Now as the Bulldogs approach the second half of their season, race distance continues to increase. The team started the season with a 5K,///STYLE ERROR — SPELL OUT “5-kilometer” ON FIRST REFERENCE/// followed by a few 8Ks. The regional competition will be the first time the team runs a 10K, and if Georgia’s men qualify to the NCAA championship on Nov. 21, they will run another 10K.
Since athletes entering college are accustomed to running 5Ks throughout high school, the additional year from taking a redshirt season gives the men time to acclimate to competing longer distances.
“It just takes a lot of maturity, and almost without exception, male athletes should run their best in their fifth year, so you often want to get them there,” Cunniff said.
Click here for the interactive version of this infographic.
Edited by Bryan Marseille
(Blog post No. 3)
Georgia equestrian looks to live up to No. 1 preseason ranking
By Elizabeth Crafton
This Friday the girls///ATHLETES/// of the top-ranked Georgia equestrian team begin their regular season, and the excitement is evident among everyone on the team.
“During our team meetings this week, I honestly got chills,” junior Rachel Kolb said. “I know that’s cheesy. I think we’re all chomping at the bit.”///THE CLICHE IS ACTUALLY “champing at the bit.” EITHER WAY, DON’T USE IT, ESPECIALLY IN AN EQUESTRIAN STORY.///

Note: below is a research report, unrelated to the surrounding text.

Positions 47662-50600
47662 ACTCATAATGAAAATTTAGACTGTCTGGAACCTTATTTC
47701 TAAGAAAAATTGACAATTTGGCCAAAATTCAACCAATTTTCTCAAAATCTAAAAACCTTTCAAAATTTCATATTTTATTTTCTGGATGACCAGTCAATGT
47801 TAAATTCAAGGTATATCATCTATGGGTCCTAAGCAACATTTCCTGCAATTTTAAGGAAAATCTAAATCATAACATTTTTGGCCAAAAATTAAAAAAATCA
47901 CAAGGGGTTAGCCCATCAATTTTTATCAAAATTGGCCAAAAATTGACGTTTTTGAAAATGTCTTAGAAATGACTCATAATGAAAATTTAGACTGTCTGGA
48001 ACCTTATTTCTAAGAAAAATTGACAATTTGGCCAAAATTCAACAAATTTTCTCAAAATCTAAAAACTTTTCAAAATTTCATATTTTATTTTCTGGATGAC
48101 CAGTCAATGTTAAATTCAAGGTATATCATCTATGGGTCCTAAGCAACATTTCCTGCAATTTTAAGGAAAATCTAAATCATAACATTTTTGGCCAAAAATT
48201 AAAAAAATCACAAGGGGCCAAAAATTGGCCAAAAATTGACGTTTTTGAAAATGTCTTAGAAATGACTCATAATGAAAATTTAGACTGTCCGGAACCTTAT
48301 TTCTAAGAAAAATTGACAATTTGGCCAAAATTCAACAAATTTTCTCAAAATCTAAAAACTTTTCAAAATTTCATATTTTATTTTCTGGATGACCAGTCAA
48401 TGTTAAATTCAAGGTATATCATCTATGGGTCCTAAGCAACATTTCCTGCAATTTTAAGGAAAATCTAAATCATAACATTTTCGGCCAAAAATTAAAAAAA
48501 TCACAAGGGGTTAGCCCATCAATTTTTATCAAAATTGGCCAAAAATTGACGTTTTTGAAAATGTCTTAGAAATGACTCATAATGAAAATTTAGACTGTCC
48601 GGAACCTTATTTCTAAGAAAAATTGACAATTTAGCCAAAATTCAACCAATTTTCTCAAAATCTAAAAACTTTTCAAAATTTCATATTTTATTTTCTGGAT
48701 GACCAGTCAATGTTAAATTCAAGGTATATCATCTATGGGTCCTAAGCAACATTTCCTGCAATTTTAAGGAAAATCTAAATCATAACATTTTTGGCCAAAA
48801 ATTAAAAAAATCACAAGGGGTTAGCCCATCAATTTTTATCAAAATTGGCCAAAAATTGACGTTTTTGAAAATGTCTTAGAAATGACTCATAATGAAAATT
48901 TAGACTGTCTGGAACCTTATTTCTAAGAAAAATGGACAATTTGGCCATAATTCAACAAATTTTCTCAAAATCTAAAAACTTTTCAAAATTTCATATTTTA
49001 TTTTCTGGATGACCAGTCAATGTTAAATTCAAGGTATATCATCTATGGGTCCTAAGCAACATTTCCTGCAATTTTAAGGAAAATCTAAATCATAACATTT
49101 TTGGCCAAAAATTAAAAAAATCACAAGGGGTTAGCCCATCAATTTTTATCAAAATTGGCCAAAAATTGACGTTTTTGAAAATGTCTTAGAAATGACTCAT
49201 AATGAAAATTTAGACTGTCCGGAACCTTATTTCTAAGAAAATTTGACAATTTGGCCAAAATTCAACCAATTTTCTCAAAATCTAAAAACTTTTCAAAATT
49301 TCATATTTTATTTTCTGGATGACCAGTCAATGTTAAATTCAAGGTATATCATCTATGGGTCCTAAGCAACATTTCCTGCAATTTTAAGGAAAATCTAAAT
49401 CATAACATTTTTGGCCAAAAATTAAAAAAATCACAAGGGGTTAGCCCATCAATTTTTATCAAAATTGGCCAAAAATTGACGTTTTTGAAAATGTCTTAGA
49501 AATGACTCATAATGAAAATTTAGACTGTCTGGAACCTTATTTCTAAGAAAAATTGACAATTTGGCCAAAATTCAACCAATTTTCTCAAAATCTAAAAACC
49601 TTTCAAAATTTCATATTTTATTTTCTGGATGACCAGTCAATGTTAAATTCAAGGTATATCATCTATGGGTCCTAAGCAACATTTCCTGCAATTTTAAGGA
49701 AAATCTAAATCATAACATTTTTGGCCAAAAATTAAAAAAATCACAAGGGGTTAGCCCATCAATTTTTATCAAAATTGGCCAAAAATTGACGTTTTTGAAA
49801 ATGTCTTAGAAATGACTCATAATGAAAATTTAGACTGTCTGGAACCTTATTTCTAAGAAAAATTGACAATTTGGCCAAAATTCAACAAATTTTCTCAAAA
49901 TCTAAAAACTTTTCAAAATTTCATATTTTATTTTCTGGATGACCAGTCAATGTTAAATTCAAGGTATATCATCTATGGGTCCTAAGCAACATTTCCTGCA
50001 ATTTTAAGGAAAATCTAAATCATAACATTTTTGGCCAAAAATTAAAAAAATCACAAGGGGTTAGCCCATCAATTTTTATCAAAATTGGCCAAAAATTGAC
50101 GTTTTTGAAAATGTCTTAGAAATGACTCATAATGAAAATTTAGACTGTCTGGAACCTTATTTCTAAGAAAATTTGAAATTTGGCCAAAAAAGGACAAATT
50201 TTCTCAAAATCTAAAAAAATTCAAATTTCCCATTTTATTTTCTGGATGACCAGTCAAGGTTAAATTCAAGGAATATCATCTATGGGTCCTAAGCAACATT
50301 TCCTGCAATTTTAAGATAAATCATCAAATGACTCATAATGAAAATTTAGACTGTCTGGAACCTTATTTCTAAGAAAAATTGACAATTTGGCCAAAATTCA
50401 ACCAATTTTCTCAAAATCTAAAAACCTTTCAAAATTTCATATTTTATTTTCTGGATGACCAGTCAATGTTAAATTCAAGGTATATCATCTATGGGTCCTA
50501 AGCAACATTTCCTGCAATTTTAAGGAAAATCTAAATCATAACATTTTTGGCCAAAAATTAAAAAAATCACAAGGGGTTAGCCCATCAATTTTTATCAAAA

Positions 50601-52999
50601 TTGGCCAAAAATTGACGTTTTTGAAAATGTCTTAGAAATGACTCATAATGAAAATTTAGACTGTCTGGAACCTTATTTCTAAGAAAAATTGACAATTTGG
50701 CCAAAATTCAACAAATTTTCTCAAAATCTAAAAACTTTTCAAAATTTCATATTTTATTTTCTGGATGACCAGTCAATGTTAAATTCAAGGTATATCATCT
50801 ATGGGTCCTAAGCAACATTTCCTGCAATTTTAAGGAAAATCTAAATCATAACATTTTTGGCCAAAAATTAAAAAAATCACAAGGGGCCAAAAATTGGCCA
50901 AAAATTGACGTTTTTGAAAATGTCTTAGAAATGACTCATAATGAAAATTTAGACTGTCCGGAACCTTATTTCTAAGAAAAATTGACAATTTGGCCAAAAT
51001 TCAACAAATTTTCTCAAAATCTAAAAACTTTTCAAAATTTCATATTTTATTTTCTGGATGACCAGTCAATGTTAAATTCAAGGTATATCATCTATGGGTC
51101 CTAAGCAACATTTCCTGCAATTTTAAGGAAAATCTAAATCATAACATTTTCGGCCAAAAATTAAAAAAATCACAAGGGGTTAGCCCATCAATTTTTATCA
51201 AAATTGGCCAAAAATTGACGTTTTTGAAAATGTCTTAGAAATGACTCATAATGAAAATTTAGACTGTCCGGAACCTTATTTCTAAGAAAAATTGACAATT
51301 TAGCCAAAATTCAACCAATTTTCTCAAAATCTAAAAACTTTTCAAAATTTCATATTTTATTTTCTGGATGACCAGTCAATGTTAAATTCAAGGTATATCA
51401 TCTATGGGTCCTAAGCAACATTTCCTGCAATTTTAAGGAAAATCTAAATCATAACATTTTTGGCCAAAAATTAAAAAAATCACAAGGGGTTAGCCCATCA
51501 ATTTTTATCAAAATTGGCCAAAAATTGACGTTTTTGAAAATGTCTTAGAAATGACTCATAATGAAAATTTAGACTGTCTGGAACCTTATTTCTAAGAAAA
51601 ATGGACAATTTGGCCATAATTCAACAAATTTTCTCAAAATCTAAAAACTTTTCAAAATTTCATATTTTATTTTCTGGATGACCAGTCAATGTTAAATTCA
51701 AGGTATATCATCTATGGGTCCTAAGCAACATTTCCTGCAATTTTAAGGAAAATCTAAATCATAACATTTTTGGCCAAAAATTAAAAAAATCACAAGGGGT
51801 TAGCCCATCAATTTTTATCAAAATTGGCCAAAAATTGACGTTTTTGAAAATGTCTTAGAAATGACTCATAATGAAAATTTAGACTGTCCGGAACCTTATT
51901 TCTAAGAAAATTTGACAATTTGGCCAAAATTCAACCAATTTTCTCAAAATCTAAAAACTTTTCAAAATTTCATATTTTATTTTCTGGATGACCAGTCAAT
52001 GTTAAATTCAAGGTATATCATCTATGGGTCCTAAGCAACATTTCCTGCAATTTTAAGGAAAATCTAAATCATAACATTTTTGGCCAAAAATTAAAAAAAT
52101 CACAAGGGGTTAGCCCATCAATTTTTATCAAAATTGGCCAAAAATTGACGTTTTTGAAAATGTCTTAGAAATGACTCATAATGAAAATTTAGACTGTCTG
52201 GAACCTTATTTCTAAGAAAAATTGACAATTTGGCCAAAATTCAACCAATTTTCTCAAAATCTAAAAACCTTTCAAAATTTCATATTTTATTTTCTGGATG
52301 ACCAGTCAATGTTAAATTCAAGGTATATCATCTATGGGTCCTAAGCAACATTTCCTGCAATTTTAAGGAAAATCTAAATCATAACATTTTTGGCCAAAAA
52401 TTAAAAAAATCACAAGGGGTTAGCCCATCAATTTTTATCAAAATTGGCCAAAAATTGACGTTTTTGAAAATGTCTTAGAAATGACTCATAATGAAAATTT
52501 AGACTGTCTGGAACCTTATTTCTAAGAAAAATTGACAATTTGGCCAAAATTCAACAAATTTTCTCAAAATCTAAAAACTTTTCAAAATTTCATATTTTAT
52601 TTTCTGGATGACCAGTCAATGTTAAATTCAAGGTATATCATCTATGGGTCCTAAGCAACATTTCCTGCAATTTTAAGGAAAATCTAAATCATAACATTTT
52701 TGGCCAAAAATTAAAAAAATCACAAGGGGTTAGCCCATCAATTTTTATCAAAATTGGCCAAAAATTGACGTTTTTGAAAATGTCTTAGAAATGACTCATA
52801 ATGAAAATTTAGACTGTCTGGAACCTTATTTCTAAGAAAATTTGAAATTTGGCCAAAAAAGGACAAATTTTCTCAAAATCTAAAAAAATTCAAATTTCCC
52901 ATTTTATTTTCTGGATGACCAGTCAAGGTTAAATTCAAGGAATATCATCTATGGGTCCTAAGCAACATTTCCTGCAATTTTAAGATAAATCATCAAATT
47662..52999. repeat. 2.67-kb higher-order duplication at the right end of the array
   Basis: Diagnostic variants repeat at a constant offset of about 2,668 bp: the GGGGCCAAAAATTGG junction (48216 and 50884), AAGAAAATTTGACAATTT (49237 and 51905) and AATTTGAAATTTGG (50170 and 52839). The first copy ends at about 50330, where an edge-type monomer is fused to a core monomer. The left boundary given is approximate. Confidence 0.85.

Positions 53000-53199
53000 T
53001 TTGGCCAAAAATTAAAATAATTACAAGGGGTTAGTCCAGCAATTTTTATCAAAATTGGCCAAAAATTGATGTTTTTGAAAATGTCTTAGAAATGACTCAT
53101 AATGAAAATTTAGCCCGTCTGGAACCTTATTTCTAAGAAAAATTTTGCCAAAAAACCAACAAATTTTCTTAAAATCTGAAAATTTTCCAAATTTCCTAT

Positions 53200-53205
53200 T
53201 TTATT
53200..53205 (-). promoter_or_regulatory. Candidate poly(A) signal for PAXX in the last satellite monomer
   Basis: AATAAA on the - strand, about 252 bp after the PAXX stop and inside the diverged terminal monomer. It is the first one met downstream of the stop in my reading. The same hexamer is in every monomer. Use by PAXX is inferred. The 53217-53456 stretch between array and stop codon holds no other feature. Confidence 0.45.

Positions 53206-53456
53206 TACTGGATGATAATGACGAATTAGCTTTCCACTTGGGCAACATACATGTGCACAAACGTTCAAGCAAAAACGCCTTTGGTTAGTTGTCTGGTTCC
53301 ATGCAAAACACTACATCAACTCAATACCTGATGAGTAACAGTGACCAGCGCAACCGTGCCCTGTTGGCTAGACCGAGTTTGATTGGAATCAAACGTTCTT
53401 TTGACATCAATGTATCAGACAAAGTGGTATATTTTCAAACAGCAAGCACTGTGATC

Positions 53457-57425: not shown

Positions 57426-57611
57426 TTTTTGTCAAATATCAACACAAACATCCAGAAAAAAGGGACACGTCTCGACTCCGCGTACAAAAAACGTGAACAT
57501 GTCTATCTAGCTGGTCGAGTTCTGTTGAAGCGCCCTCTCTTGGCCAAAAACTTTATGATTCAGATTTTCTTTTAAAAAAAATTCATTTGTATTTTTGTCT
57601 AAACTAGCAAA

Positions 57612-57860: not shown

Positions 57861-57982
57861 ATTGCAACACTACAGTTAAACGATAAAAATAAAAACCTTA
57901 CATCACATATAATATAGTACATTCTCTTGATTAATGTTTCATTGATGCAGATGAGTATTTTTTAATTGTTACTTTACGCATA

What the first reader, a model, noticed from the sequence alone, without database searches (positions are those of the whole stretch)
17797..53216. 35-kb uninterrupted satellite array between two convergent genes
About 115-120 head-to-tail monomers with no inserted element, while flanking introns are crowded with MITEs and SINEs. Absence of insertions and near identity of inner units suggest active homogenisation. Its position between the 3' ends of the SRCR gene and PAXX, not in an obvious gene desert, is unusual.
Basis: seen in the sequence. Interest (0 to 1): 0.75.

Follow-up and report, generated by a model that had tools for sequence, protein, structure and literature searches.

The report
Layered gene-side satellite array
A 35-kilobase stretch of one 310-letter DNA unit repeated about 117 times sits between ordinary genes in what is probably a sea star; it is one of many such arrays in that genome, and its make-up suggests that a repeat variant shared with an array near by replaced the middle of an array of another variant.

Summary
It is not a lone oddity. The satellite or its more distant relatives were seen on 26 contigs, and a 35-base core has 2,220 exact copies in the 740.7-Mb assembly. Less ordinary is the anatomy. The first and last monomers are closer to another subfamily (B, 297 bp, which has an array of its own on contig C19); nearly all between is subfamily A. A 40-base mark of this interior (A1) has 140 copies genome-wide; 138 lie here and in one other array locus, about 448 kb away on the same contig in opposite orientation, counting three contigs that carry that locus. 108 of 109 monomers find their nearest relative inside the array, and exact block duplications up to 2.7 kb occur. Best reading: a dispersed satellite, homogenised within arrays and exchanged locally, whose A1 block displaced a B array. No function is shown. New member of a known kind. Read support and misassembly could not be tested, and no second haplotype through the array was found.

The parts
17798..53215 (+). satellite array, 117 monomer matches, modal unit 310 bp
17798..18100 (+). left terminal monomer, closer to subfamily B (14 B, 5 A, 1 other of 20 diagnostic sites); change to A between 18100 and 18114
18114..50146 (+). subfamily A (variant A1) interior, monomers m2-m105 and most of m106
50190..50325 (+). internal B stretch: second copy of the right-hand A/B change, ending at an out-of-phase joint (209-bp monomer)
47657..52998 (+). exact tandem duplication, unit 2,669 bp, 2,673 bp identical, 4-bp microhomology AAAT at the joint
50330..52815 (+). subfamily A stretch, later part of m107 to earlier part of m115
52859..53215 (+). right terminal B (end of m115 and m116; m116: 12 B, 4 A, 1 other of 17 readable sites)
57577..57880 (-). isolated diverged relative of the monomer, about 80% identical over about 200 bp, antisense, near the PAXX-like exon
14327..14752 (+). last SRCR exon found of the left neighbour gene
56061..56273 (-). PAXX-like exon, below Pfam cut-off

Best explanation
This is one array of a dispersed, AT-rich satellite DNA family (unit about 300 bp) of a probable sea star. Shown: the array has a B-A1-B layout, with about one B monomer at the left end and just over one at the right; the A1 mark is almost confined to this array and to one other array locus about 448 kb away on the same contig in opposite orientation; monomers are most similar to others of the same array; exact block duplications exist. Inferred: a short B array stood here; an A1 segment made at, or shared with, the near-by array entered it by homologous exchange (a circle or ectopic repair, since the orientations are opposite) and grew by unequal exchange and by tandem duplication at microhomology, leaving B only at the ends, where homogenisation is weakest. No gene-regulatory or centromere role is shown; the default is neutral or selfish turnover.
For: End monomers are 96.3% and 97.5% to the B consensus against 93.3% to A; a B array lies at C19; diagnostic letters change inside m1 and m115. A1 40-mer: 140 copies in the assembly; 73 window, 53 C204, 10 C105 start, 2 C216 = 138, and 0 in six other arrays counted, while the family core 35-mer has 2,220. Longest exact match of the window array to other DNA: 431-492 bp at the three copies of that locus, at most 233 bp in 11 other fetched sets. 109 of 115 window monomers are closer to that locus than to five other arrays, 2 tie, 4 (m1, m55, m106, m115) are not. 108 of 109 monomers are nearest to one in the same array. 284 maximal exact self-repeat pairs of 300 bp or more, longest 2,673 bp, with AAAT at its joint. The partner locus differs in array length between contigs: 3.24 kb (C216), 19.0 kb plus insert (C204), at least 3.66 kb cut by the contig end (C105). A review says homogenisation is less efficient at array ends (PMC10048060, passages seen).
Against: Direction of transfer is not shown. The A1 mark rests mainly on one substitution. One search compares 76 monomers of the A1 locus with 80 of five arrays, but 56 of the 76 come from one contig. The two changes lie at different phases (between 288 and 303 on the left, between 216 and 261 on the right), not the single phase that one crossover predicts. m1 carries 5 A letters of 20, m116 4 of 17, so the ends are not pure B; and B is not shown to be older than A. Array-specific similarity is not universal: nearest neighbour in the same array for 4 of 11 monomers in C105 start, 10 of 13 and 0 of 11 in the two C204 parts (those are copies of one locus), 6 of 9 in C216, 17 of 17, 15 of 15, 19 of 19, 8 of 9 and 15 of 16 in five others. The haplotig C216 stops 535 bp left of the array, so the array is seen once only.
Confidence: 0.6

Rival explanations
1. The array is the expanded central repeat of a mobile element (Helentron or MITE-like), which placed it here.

The meet against Texas A&M will serve as the season opener for both teams, who last met in the final round of the 2015 Southeastern Conference Championship.///STYLE ERROR — LOWERCASE CHAMPIONSHIP/// The Bulldogs were crowned SEC champions after beating the Aggies 12-5 in the final round, capturing the program’s first SEC title.
The red team took the 15-5 win in the team’s scrimmage this past Friday. Head coach Meghan Boenig was pleased.
“What was impressive to see was the lack of errors,” Boenig said. “We are really prepared. I think it was one of our better scrimmages ever as far as consistency and level of competitiveness.”
Kolb also mentioned that it’s a great experience for the freshmen, adding, “Some of [them] are picking things up so quickly and learning so fast, so it’s really exciting to see.”
The Bulldogs’ new assistant coach, Laura Brainard, adds some interest for this week by being a recent graduate from A&M.